Responding to an influx of students from Central America and a federal investigation into how Shelby County Schools is treating them, Superintendent Dorsey Hopson wants to create a “newcomer program” for high schoolers new to the U.S.
The program for English language learners would be housed at Wooddale High School and would accept 100 students this fall. A second location is planned for the following year.
The $750,000 program is part of Hopson’s proposed budget, which the school board is expected to approve in May.
Newcomer programs have been in place for years in cities with a long history of educating immigrant students. Others like Nashville and Indianapolis have added them in recent years as their immigrant populations have swelled.
In Memphis, English learners are the district’s fastest-growing subgroup and make up about 8 percent of the student population. Most are from Spanish-speaking countries, but many are refugees from elsewhere.
Under Shelby County’s plan, core classes such as math, science, history and language arts would be infused with English language learning for up to two years. Students would join the rest of the student population for elective classes.
Currently, the district places newcomers in two class periods of English language learning before they join core classes alongside native English speakers — an approach that officials say contributes to the achievement gap between subgroups.
The school-within-a-school model would be more intensive. “What we want to do … is to help them fill in those gaps while they are developing a foundation in English,” said ESL adviser Andrew Duck.
The program would create a new option for English language learners in Memphis following the 2016 closure of Messick Adult Center. Before the state pulled its workforce development contract with Shelby County Schools, Messick was the district’s only ELL program for adults and students ages 16 and older.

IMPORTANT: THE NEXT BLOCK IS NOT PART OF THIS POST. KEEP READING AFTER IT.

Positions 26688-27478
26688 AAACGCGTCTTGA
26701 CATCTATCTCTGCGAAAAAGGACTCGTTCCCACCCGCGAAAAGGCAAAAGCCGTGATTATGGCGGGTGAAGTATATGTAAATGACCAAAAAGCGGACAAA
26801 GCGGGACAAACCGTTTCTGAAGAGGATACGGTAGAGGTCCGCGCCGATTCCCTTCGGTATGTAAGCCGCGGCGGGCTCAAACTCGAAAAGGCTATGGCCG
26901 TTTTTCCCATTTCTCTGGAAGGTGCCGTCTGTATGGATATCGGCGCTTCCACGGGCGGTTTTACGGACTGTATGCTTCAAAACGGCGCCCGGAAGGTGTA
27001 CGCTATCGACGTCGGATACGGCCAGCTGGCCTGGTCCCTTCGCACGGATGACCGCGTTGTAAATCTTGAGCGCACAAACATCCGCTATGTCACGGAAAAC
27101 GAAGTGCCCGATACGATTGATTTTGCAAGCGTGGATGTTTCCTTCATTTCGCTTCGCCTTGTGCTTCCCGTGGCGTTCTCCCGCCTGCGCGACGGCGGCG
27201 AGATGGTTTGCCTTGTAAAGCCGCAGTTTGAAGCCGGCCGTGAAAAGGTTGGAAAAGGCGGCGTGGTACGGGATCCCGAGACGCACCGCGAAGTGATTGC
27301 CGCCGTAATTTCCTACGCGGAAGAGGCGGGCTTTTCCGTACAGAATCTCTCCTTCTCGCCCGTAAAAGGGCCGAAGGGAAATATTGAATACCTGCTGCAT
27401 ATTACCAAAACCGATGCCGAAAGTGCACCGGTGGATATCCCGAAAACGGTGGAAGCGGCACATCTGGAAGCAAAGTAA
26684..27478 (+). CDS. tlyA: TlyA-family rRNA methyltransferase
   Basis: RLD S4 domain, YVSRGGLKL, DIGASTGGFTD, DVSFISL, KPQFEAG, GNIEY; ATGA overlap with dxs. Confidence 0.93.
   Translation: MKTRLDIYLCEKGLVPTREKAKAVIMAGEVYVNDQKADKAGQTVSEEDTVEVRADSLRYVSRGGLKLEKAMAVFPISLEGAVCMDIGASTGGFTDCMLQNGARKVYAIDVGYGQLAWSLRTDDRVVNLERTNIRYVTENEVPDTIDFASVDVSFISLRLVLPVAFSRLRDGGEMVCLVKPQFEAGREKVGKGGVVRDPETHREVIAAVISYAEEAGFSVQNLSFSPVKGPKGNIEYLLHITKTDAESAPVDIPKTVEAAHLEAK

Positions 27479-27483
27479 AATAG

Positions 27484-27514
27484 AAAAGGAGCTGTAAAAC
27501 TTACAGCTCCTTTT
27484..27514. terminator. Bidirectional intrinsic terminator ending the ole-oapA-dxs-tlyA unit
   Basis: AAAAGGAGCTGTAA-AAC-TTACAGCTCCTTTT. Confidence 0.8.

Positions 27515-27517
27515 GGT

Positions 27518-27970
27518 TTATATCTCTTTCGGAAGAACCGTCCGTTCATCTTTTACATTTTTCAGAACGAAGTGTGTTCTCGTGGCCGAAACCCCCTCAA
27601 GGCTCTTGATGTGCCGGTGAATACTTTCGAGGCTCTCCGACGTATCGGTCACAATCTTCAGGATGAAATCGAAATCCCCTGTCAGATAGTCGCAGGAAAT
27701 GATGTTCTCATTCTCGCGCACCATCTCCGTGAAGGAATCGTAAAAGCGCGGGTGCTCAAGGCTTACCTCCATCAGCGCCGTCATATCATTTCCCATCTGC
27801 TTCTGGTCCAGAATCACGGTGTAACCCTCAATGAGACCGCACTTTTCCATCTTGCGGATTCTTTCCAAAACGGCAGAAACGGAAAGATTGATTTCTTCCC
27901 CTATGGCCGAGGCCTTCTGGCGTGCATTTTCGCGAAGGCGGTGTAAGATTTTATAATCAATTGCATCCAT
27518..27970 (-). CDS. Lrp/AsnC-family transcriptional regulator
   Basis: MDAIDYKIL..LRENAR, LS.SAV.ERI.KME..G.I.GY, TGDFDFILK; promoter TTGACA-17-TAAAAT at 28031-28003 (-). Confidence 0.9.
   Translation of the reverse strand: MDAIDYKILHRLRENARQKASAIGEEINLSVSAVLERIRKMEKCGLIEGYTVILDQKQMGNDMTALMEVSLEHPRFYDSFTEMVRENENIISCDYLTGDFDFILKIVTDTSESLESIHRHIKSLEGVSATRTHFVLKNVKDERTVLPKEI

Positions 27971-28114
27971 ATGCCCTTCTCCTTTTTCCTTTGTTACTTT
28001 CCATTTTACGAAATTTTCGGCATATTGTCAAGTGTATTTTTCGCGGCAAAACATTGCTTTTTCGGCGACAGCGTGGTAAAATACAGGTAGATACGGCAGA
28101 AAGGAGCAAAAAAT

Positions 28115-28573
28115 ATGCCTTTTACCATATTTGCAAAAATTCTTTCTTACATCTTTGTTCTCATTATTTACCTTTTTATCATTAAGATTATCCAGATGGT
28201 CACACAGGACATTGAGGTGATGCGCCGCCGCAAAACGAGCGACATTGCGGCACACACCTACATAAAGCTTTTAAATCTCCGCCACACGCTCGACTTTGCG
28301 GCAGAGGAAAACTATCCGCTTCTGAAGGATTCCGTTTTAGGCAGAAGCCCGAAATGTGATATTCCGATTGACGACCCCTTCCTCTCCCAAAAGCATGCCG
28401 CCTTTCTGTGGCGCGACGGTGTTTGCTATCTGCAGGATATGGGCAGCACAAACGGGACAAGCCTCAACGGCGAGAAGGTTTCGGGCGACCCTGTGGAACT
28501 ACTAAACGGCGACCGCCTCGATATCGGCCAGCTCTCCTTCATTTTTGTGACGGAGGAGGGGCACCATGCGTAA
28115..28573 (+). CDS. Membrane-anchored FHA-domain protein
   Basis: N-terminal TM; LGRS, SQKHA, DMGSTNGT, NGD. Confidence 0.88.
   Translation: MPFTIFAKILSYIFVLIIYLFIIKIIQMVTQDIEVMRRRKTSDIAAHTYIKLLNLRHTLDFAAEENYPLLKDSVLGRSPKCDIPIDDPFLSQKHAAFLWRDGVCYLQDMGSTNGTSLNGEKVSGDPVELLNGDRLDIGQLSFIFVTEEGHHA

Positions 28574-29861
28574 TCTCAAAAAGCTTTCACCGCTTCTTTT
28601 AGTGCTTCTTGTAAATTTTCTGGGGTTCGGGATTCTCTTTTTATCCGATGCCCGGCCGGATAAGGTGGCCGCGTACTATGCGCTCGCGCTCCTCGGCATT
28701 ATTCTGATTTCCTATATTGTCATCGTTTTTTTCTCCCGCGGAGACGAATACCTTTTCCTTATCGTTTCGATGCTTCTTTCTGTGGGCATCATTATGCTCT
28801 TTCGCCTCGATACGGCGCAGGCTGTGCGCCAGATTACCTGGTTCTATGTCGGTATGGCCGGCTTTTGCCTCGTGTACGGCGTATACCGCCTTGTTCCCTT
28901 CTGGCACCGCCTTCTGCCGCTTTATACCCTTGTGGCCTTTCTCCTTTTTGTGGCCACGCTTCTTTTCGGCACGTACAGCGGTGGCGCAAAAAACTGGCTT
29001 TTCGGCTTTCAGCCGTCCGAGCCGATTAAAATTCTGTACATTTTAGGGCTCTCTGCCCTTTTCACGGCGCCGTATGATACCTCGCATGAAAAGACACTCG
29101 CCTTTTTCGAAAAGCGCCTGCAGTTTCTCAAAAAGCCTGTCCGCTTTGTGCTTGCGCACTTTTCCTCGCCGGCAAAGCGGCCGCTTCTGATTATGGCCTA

The newcomers program also would help address concerns raised by a federal civil rights investigation launched last year into how the district treats English learners and communicates with their parents. The Associated Press reported that Shelby County Schools was among several districts nationwide that discouraged unaccompanied minors from Central America from enrolling in its schools and encouraged them instead to attend an adult learning center.
“We’ve seen kids get turned away from schools when they try to go register without any real explanation,” said Casey Bryant, legal director for Latino Memphis, a nonprofit organization serving the city’s Spanish-speaking population. “The closure of Messick meant that those high school-aged kids who were being turned away didn’t have any place to attend school.”
The federal investigation is ongoing and, if the district is found in violation, Shelby County Schools would have to negotiate a resolution with the U.S. Department of Education’s Office of Civil Rights — or face a lawsuit.
Duck said the investigation offered “a kick in the pants” for launching the newcomers program — but that the influx of students from Central America is the bigger motivator. “… We had actually been working on this off and on since 2007 in the Memphis City Schools system,” he said.
And Tennessee’s new schools plan, submitted under the new federal education law, places a higher emphasis on how schools serve English learners, giving Memphis leaders one more reason to step up services for those students.
Officials say Wooddale High School was chosen as the program’s first site because of available space there and its proximity to Hickory Ridge, an area with one of the city’s largest populations of English learner students. The school is now at 70 percent capacity.